“Having totality means being capable of following ‘what is,’ because ‘what is’ is constantly moving and constantly changing. If one is anchored to a particular view, one will not be able to follow the swift movement of ‘what is.’” -Bruce Lee
If you’ve never seen a total solar eclipse before, you’ve likely heard about many of the features to look for, like the sky darkening during the day, the Sun disappearing, and the solar corona and, occasionally, stars becoming visible during the day. But if you take an enhanced view, either with binoculars, a telescope, or photography, so much more becomes apparent.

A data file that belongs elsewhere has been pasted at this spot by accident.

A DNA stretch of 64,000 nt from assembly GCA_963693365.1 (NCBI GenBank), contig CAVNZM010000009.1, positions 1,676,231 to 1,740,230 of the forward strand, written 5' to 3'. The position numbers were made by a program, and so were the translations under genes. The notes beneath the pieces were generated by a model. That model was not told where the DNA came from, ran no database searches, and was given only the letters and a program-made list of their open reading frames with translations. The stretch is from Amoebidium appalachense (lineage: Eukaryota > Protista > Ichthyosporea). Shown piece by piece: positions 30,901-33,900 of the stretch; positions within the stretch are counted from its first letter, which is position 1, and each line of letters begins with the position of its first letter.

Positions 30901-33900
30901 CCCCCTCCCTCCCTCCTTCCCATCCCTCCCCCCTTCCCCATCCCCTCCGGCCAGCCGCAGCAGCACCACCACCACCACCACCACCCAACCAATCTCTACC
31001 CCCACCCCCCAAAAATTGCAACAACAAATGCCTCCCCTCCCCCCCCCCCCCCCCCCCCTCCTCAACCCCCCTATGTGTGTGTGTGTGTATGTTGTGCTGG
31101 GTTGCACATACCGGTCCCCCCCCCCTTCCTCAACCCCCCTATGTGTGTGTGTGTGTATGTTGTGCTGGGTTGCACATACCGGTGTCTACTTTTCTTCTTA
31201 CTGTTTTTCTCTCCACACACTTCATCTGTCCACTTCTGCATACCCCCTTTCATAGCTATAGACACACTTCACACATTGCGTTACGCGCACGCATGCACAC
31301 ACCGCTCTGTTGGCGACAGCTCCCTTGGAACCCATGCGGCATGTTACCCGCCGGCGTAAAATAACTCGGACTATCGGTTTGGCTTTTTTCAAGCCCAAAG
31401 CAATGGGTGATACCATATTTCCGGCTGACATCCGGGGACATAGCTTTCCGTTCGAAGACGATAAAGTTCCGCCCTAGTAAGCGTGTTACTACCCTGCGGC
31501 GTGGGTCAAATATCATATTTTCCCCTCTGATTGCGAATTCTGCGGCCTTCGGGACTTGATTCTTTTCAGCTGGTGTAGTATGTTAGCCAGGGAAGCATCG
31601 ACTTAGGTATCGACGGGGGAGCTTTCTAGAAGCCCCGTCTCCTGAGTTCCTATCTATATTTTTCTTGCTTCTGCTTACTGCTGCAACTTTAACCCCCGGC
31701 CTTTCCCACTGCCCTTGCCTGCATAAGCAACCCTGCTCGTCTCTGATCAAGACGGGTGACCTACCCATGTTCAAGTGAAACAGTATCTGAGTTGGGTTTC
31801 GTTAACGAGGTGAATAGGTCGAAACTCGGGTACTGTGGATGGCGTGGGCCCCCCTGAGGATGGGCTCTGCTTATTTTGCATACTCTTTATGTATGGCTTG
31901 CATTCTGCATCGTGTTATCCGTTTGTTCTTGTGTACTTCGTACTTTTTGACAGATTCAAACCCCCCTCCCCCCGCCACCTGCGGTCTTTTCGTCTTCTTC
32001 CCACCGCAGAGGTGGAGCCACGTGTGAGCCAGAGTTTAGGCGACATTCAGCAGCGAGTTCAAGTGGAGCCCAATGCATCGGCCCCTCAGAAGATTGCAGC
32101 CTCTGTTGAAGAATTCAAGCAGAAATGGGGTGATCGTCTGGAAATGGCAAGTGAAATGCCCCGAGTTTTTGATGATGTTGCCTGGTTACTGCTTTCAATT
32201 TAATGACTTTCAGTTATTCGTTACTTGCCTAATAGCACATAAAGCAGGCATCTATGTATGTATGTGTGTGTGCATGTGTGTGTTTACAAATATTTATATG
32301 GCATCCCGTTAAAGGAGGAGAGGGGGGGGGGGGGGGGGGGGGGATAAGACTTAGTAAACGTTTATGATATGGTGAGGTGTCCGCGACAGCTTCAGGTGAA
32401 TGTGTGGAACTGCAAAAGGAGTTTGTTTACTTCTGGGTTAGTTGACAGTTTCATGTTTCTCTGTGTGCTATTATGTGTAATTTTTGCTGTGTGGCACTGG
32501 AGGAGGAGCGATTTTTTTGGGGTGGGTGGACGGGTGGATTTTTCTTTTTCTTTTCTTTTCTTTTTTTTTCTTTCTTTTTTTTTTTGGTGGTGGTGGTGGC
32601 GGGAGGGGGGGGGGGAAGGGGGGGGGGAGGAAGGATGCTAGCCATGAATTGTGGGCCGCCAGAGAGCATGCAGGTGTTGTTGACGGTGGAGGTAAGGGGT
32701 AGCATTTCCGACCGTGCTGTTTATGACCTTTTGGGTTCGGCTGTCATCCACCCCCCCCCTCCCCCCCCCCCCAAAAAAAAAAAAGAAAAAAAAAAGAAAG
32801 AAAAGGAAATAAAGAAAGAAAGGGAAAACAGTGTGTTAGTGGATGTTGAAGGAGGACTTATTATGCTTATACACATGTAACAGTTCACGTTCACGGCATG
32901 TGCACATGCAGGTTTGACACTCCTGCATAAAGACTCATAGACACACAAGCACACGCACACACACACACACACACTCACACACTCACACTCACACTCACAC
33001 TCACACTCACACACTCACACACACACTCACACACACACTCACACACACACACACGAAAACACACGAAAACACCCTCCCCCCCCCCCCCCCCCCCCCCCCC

The Sun’s corona extends for millions of kilometers in all directions, while plasma loops and the Moon’s surface are illuminated. The Moon’s shadow can be seen across portions of the daytime sky, and it’s not just stars but also planets that can become visible. And finally, if clouds appear in the upper atmosphere with just the right conditions, the end of totality might herald the fascinating optical phenomenon of iridescence.